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I am working on an exercise on C++ which demands to simulate a service queue and it asks to do it with a round,one dimension array.So it demands, when a customer comes to insert in the queue his name, the number of his card and the arrival time in the queue.

So my first question is how can I enter all these elements in one position of the array?(I don't know if it is called cell of array or position,English is not my native) Each customer will have to occupy only one position of the array and I have to insert all of his info in one position. I already know the conditions on how to insert or extract an element from a round queue I just don't know how to do it for lots of them.

Secondly it asks to print how much time the customer has to wait in queue depending on how much people are waiting before him (it doesn't have to be too precise though).

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i think you mean a circular buffer - as a queue is that right? –  Caribou Nov 1 '12 at 18:59

2 Answers 2

up vote 1 down vote accepted

For the first question: Could you create a class or struct representing the collection of data, and put the entire struct into your container?

(Edit: Customer is now a class, has a constructor; added example of instantiation) You'll want to clean this up a little, but something like:

class Customer {
private:
  std::string m_name;
  int m_card_number;
  int m_arrival_time;
public:
  Customer() : m_card_number(0), m_arrival_time(0) { } // might need default ctor

  Customer(const std::string name, int card_number, int_arrival time)
  : m_name(name), m_card_number(card_number), m_arrival_time(arrival_time)
  { }
};

std::dequeue<Customer> service_queue; // or your container here

Customer c = Customer(name, card_num, current_time);
service_queue.push_back(c);

For the second question; if you don't need to persist the time, and only need to work with differences, one solution is to use clock. Just don't forget to divide by CLOCKS_PER_SECOND once you take your time difference (in ticks) and need to convert to seconds.

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I get what you are saying but can you give an example on how to put a class into one cell of the array, because I am not really used to structs and I think that if I try to use a struct right now I might mess things up. As for the second one I don't think the clock will do because what clock do is measure how much time a part of code take to run, what I want to do is print how much time the customer will have to wait in order to get served. –  MKB Nov 1 '12 at 19:39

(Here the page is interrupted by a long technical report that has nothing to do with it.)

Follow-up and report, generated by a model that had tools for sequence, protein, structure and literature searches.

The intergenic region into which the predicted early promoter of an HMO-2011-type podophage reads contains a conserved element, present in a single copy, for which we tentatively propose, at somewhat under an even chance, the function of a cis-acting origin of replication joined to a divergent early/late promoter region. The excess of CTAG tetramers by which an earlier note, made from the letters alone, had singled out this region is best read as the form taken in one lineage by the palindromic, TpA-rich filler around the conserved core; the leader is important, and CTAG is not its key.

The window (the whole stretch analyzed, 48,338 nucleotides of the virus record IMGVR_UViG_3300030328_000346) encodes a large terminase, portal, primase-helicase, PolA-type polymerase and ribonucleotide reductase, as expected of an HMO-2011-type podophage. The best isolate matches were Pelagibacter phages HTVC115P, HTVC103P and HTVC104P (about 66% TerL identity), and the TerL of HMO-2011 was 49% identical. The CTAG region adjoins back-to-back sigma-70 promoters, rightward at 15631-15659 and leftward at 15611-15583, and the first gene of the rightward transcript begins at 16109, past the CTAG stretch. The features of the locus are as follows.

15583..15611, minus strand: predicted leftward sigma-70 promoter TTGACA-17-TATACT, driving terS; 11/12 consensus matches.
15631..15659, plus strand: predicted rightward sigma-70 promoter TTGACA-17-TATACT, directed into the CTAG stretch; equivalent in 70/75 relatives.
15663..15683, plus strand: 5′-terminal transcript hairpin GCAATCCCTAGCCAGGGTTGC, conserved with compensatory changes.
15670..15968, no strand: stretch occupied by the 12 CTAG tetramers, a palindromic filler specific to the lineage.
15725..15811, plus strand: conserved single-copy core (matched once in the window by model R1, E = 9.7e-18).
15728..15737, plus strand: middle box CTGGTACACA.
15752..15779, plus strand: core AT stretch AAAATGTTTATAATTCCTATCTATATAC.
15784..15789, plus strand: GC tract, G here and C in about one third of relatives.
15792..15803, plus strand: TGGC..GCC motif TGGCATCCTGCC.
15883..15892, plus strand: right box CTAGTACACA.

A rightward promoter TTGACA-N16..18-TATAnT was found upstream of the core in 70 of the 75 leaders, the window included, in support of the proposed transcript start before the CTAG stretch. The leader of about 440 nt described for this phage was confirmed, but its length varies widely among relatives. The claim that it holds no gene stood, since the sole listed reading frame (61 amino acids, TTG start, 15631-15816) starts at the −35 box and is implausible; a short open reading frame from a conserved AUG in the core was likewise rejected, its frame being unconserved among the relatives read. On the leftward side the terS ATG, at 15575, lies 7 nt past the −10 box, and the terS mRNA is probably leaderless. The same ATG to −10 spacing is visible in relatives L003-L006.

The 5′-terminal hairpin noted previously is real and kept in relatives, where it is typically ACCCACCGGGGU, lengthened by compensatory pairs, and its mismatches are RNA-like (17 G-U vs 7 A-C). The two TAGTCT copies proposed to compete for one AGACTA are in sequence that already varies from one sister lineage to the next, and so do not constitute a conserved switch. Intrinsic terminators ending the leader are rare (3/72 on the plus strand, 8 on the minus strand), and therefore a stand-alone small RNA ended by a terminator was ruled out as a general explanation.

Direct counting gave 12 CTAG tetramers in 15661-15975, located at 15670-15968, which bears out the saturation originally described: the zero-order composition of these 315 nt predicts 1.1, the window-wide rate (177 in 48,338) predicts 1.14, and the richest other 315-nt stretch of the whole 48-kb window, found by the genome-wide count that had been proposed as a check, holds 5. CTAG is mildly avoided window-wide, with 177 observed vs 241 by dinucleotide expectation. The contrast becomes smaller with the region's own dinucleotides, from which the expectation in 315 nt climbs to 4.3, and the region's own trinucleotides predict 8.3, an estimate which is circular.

No problem; I've added the edit. Is this what you're after? On a side note, there isn't much difference between a class and a struct if they're 'plain-old-data'; structs have public fields by default, classes have private. Other differences only come into play once you start adding functions or subclassing. –  WeirdlyCheezy Nov 1 '12 at 19:53
    
Thanks for your help. I think I got this. –  MKB Nov 1 '12 at 21:28
    
@MKB No problem. If this answer was helpful, could you please upvote and/or accept it? –  WeirdlyCheezy Nov 1 '12 at 21:38
    
Also, regarding the clock; the way you would use it is to take differences between two tick counts to get a 'time difference' between those two points in time. For example, you could calculate how much time elapsed in between two customers arriving. However, this still might not be helpful. If you could give more details on how you want to estimate the time a customer will have to wait, I can try to give a more concrete answer. –  WeirdlyCheezy Nov 1 '12 at 21:46

I would push structs into your queue, each struct will hold the necessary elements needed.

struct Customer
{
    string name;
    int ID;
    double change;
}

//in add function...
Customer newCustomer
cin >> newCustomer.name >> newCustomer.ID >> newCustomer.change;
queue.push_back(newCustomer);


retreiving data is simply asking for each element
//in a loop printing out the queue
std::cout << iter->name << iter->ID << iter->change
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